Debt crisis lessons from Latin America
John Paul Rathbone (FT) Dec 4, 2011
Europe is not Latin America – it is more indebted and less able to stomach tough adjustment programmes.
Keep the IMF Out of Europe
Mario I. Blejer & Eduardo Levy Yeyati (Project Syndicate) Dec 4, 2011
Europe, it seems, is determined to resolve its problems using other people’s money. But there are at least three reasons why the IMF should resist this pressure, and abstain from increasing its (already extremely high) exposure to Europe.
Why the WTO should care about exchange rates
Lucas Ferraz, Emerson Marçal & Vera Thorstensen (VoxEU) Dec 4, 2011
Persistent exchange-rate misalignments have created trade frictions worldwide. This column argues that the WTO should adopt trade rules that allow nations to neutralise the effects of exchange-rate misalignments. Otherwise, the WTO might become a diplomatic-juridical fiction.
Last Hope for the Chinese Economy: Consumption
Gordon G. Chang (Forbes) Dec 4, 2011
For more than a half decade, Chinese leaders have been talking about the need to raise domestic demand. Can they take action now when the economy is sliding?
Eurozone Leaders Need to Agree on a Plan for Deeper Fiscal Union
Andrew Balls (PIMCO/Telegraph) Dec 4, 2011
One of the many worrying aspects of the European debt crisis, even after more than two years of worsening financial and economic conditions, is that there still appears to be no shared understanding and analysis of the problems facing the monetary union.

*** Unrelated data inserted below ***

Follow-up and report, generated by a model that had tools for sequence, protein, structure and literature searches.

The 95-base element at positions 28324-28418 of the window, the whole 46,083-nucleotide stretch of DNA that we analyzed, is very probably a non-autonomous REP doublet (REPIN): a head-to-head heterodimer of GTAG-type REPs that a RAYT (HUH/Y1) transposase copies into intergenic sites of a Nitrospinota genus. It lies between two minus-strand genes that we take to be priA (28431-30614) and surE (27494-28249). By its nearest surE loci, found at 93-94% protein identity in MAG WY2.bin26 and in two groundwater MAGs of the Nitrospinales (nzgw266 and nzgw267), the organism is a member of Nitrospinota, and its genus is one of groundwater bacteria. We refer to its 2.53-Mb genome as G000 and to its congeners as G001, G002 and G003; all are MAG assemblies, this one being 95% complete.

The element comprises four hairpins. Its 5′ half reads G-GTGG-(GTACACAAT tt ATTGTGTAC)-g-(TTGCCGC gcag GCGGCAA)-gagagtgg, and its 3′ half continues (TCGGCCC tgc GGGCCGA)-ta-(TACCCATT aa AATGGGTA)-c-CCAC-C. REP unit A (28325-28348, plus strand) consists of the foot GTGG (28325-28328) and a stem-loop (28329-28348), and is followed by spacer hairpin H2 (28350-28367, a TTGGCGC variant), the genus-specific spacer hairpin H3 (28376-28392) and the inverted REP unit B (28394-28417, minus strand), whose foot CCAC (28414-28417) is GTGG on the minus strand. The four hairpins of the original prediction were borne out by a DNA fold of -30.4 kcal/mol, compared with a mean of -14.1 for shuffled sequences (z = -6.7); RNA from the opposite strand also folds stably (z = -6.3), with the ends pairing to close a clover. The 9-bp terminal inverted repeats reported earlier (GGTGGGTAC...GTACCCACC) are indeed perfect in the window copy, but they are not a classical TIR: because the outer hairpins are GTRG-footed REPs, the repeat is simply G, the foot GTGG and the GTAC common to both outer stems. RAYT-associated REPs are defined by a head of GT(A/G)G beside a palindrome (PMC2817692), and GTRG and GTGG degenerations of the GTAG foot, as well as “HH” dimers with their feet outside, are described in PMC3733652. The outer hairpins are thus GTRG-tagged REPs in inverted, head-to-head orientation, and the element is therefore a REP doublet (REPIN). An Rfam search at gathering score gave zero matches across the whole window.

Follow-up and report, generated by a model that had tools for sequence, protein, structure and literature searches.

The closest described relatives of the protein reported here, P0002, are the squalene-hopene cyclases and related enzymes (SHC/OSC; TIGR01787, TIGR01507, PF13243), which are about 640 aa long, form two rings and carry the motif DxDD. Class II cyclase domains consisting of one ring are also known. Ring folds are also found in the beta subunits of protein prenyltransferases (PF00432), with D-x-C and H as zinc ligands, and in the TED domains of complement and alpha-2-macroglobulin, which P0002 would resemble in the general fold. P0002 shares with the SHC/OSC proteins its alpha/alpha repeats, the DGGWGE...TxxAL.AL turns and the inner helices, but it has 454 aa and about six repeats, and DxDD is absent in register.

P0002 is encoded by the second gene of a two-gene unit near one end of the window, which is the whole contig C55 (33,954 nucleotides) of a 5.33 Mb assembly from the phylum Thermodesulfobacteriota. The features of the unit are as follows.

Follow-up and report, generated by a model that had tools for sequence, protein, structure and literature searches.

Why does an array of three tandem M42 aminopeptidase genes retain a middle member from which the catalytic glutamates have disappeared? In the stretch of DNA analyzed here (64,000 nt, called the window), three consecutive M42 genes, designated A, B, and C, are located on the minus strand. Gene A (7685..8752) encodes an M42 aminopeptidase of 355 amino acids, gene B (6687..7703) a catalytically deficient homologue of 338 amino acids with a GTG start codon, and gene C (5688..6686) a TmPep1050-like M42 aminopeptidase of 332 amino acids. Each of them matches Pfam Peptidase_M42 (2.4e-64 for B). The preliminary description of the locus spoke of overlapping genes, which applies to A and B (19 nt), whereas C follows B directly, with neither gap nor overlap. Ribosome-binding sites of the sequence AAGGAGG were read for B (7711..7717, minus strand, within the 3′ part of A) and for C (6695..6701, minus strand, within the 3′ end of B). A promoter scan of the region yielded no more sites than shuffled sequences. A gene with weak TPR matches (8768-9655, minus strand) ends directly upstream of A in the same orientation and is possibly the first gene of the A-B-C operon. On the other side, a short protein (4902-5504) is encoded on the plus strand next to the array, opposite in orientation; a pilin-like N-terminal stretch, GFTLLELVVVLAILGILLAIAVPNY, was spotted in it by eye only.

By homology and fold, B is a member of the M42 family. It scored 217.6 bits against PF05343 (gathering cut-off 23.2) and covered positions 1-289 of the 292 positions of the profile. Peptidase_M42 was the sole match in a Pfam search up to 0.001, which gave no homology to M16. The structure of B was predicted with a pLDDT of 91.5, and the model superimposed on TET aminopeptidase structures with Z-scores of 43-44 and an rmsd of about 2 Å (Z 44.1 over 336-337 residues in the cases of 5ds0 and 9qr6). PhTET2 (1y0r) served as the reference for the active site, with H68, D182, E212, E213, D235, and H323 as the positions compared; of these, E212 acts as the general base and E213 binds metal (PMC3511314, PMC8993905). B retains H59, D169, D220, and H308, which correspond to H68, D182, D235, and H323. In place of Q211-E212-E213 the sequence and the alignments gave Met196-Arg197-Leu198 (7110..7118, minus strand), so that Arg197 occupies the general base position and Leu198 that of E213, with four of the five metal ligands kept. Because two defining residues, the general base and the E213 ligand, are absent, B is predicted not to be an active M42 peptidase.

Five Myths About Emerging Markets
Michael Pollock (WSJ) Dec 5, 2011
So, you think you understand the pros and cons of investing in fast-growing economies? Think again.
What Can Save the Euro?
Joseph E. Stiglitz (Project Syndicate) Dec 5, 2011
It is increasingly evident that Europe’s political leaders, for all their commitment to the euro’s survival, do not have a good grasp of what is required to make the single currency work. Public-sector cutbacks today do not solve the problem of yesterday’s profligacy; they simply push economies into deeper recessions.
The Poetry of the Euro
Harold James (Project Syndicate) Dec 5, 2011
The euro was not just the outcome of an idiosyncratic quest to reduce the wear on pockets stuffed with odd national coins, or to facilitate intra-European trade. The bold European experiment reflected a new attitude about what money should do, as well as how it should be managed.
Do Eurozone leaders finally ‘get it’? Almost
Charles Wyplosz (Project Syndicate) Dec 5, 2011
This week’s announcements by German Chancellor Angela Merkel and ECB President Mario Draghi that the Eurozone is taking steps towards a closer fiscal union seem to be calming markets and restoring confidence in the decision-making of Eurozone leaders. This column argues, however, that the devil is still in the detail.
China’s exchange rate and poor-country growth
Helmut Reisen (VoxEU) Dec 5, 2011
China’s currency has appreciated substantially in recent years. While many in the west still argue that this is not sufficient and focus on the effects on their domestic industry, this column asks what the effects have been for the world’s poor countries.
India’s growth in the 2000s: Four facts
Arvind Subramanian (VoxEU) Dec 5, 2011
The Indian growth miracle, including the experience of the 2000s, continues to confound. This column examines the numbers across states and establishes four facts: growth was faster in the 2000s than the 1990s in most states, divergence in the growth performance across states continues, faster growing and more globalised states took a bigger hit during the crisis, and the demographic dividend seems to be disappearing.
Thinking the Unthinkable: How to Break Up the Euro Area
Anders Ĺslund (PIIE) Dec 5, 2011
The unthinkable is becoming possible. Until recently, the breakup of the euro area seemed nothing but an illusion, but suddenly this possibility is a clear and evident danger. If the euro area is to be broken up, it should be done as amicably, cleanly, symmetrically —and as fast as possible.
RMB: No longer a one-way bet?
Syetarn Hansakul (DB Research) Dec 5, 2011